M&R 1.2 - Membrane Proteins, Membrane Asymmetry and the Cytoskeleton Flashcards Preview

ESA 2 > M&R 1.2 - Membrane Proteins, Membrane Asymmetry and the Cytoskeleton > Flashcards

Flashcards in M&R 1.2 - Membrane Proteins, Membrane Asymmetry and the Cytoskeleton Deck (21):
1

What are the functions of membrane proteins?

- Facilitated diffusion
- Maintain ion gradients
- Specificity (responses)
(Functional evidence)

2

What are the biochemical evidences for membrane proteins?

- Membrane fractionation and gel electrophoresis
- Freeze Fracture

3

How can proteins be mobile in bilayers? (4)

- Conformational changes
- Rotation
- Lateral Diffusion
- NO FLIP FLOP DUE TO LARGE HYDROPHILIC MOIETIES

4

How is the mobility of proteins restricted in the membrane? (4)

- Aggregates of proteins form together which decreases movement
- Tethering
- Interactions with other cells (stick together)
- Lipid mediated effects

5

What is tethering?

Membrane proteins hold on to the basement membrane

6

What is meant by lipid mediated effects?

Membrane proteins separate into cholesterol poor regions/ fluid phase

7

Where can membrane proteins be located in the membrane?

- Peripheral
- Integral

8

Describe peripheral membrane proteins (3)

- Surface bound by ionic or hydrogen bonds
- Associated, not integral
- Removed from bilayer by a change in pH or ionic strength

9

Describe integral membrane proteins (2)

- Interact with hydrophobic areas
- Have to be removed by aggressive means e.g. Detergents/ organic solvents as they compete for non-polar interactions.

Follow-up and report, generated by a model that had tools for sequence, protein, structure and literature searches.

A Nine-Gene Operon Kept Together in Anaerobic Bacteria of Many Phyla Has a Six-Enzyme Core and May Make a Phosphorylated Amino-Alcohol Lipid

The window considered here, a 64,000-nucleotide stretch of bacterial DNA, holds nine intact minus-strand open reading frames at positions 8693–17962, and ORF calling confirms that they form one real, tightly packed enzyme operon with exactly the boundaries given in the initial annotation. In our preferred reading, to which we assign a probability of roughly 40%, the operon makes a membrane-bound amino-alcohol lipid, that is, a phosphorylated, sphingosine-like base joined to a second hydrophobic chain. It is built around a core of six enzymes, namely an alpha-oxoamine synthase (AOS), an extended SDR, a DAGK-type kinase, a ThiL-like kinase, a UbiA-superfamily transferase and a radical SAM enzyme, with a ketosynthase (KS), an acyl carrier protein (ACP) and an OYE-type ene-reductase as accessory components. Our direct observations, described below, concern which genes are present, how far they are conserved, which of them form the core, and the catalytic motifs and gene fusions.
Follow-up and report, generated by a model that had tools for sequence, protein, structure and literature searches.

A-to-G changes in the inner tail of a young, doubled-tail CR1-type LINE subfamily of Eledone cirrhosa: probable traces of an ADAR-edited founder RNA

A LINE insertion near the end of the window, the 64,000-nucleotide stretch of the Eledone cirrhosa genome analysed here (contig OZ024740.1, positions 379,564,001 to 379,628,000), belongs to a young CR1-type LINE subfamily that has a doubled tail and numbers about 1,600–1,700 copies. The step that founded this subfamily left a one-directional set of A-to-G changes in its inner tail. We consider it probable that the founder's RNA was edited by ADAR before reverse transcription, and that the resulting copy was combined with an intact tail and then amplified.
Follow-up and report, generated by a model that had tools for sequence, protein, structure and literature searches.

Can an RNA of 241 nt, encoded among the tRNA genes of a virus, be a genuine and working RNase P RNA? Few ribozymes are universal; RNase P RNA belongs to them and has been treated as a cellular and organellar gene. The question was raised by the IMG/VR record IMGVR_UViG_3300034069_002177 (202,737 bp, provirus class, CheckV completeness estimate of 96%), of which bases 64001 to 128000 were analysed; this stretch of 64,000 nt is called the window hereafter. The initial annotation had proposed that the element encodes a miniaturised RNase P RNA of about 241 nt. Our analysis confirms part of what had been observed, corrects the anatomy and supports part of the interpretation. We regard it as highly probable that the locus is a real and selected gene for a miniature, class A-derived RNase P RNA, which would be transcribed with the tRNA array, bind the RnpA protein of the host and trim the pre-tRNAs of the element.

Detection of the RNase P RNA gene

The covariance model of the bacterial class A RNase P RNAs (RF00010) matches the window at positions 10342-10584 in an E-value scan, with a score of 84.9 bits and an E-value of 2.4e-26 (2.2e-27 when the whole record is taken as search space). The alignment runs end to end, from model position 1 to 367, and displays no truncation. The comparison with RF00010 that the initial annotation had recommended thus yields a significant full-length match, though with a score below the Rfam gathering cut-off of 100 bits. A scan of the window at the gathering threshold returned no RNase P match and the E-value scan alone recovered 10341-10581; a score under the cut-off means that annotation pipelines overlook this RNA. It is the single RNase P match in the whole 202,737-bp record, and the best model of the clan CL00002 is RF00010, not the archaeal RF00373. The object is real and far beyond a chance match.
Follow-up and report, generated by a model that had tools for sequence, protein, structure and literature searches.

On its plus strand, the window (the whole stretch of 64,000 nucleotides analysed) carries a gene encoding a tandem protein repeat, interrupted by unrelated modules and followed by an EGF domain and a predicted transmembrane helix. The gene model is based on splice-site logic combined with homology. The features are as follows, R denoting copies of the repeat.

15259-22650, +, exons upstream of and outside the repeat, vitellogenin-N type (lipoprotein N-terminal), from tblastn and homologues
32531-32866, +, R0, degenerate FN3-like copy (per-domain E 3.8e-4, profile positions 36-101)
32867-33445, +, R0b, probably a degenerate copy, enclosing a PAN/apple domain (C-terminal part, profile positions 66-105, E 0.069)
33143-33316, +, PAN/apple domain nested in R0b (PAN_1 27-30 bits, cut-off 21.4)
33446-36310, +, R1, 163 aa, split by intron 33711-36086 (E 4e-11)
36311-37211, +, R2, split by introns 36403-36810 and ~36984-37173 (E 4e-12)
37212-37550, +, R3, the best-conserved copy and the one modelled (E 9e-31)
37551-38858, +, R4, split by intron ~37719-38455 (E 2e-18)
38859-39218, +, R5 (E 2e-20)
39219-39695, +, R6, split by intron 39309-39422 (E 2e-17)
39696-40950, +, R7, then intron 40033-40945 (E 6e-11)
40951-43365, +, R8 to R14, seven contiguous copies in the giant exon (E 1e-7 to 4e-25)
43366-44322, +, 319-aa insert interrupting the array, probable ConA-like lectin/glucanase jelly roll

10

How are membrane proteins inserted into the bilayer?

- Secretory pathway
- Stop transfer signal reached
- Protein is translated in cytoplasm and leaves stop transfer signal in endoplasmic reticulum therefore spanning the membrane

11

Describe the stop transfer signal

18-22 highly hydrophobic amino acids

12

Describe the amino acids that make up transmembrane proteins (4)

SHUP
- Small
- Hydrophobic
- Uncharged
- Polar

13

What happens if there are no signal peptidase sites?

- No cleavage
- N-terminal remains outside
- C-terminal remains inside

14

What is topology?

- N-terminal = in cytoplasm
- C-terminal = outside cell

15

What is the cytoskeleton?

A cage structure grafted on to the inside of the plasma membrane

16

Which proteins make up the cytoskeleton in an erythrocyte? (3 parts)

- Actin and Spectrin

- Attached to basement membrane by Ankyrin and Glycophorin

- Bound to Band 3 and Band 4.1 respectively

17

What are Ankyrin and Glycophorin?

Adaptor proteins

18

What are the two types of haemolytic anaemias?

- Hereditary Spherocytosis
- Hereditary Elliptocytosis

19

What causes haemolytic anaemias?

A mutation in the gene for Spectrin

20

Describe Hereditary Spherocytosis (4)

- Depletes Spectrin coverage by 40-50%
- Red Blood Cells become round
- Increases cell lysis
- Decreases cell lifespan

21

Describe Hereditary Elliptocytosis (3)

- Defect in the Spectrin molecule
- Can't form stable heterotetramers
- Fragile cells

Decks in ESA 2 Class (63):